Psllivecricket t20 world cup 2022 UVU Economics Professor Pays Success Forward with School in Native Bangladesh – Utah Valley University

UVU Economics Professor Pays Success Forward with School in Native Bangladesh – Utah Valley University

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UVU professor Abdus Samad began his dream school in 2005 by using his own money to buy the land in Bangladesh where it would be built.
One rainy season 17 years ago, Abdus Samad, Utah Valley University (UVU) professor of economics and finance, stood in a downpour in the Bangladesh farming village where he was born and raised. He watched as a group of schoolgirls struggled through the mud in flip-flops to a bus stop. Without the bus, they would walk three miles from Khajuria, Pak Pohri, and Kaigram to attend Ranbagha High School. With each step, mud flipped up onto their legs and clothing. Soaked to the skin with their wet books in hand, they begged the bus driver to let them onboard. They were turned away. Another bus and another refusal.
“It was really horrible,” Samad said. “I was almost in tears. The bus driver had no respect to take them. The poor and illiterate have no respect. They are ignored in society.”
Samad learned that the young women were not allowed on the bus because they did not have money. “How can they?” Samad said. “Their father is a day laborer and lives hand-to-mouth. They cannot afford to pay the bus fare, as they don’t have jobs every day.”
“My uncle saw these things, and he said, ‘Hey, Abdus, you spend money buying food for the village. Instead of giving money to buy food, why don’t you give something more permanent?’ At that moment, I decided that I would build up a high school in this village,” Samad said.
“Giving education is like giving eyesight to the blind. It is education and education alone that can help remove poverty, hunger, and social stratification. Education can provide self-confidence and dignity to them.”
It is a lesson that Samad knows well. “My parents did not have an education because they did not have a school nearby. My parents were illiterate.”
He lost his mother when he was in grade school. “There is one memory that I can remember. I was in fourth grade, and I was not willing to go to school at the time. My mother said, ‘No, you have to go to school. I have given you good clothing to go to school.’ She died that year.”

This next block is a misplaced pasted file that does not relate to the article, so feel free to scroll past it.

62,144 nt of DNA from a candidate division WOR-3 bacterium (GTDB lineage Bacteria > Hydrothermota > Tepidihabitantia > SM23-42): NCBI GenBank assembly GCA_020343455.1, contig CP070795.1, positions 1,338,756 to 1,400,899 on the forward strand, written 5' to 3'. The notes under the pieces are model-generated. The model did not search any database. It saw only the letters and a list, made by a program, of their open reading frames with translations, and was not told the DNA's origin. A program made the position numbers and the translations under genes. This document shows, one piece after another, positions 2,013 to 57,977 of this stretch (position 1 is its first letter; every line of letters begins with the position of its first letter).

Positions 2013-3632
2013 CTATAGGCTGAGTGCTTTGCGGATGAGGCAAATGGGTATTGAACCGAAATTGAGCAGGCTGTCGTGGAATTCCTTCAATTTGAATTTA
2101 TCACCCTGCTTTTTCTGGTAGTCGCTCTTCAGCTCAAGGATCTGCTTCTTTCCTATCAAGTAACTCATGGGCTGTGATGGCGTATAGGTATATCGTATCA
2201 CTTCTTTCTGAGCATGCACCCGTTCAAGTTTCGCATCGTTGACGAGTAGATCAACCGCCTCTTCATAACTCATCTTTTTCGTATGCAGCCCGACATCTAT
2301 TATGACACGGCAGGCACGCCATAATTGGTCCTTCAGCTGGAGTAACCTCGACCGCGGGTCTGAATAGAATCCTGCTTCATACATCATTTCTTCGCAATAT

Samad honored his mother by getting an education. “When I was a student, I used to walk six miles on foot (both ways) from Khidra Baria to attend Chowgram High School.” His determination paid off when he was awarded a Fulbright Scholarship to attend college in the United States.
Building a school in his village was “one of the best deeds that one can do” said Samad, who is eager to pay his good fortune forward.
The UVU professor of twenty years began his dream school in 2005 by using his own money to buy the land where it would be built. He received a few donations from friends and colleagues at UVU and supplemented that funding by teaching summer courses at the university — he continues to donate his summer money to the Bangladesh school. In 2006, the doors opened with a sixth-grade class of 115 students. The following year, a seventh grade was added, then in subsequent years, grades eight, nine, and ten. Currently, there are 425 students studying in the school, where tuition is always free. 75% of students are female.
“All girls, whoever applies, must be admitted, and then, if there is room, boys. In our society, they don’t pay enough respect to [women]. If I can train them, if I can educate them, they will pass that on. There is a saying [that] the hand that rocks the cradle rules the world. The first teaching that a child gets is from their mother.”
Samad pays the salaries of the faculty and staff at the school to ensure the education received is exceptional. National performance tests show that students from his school pass at a rate of 80-100%.
The establishment of a high school and the policy of free education is transforming attitudes in the village in ways that transcend learning and are broadening opportunities.
“The biggest impact is the change of expectation. Early marriage has stopped for girls. Parents stopped giving marriage to girls [in their early teens] until high school was complete,” Samad said. “Already a good number of students, after completing their high school education, joined college and completed their undergraduate degrees. Some are already doing jobs in local offices. A good number are employed in various jobs in the private sector after graduating from high school.”
An idea that grew out of a muddy rainstorm and a heartbreaking scene has blossomed into a life-transforming gift.
“When I visit annually, thousands of local people come to see me and express their thanks and gratitude for the benefits they are enjoying,” Samad said. “The school is a euphoria of joy. I feel humbled and honored when they say, ‘My son or daughter graduated this year from your school. They are studying in a college. They are doing a job.’ At that moment, I express my thanks to God and say, ‘Oh God, it is your mercy. I am not able to change the world, but I have at least changed these few people.’”
Samad hopes to build a college in the area, creating greater opportunities for students to continue their educations. He is currently working to create partnerships that will allow that dream to come to fruition.


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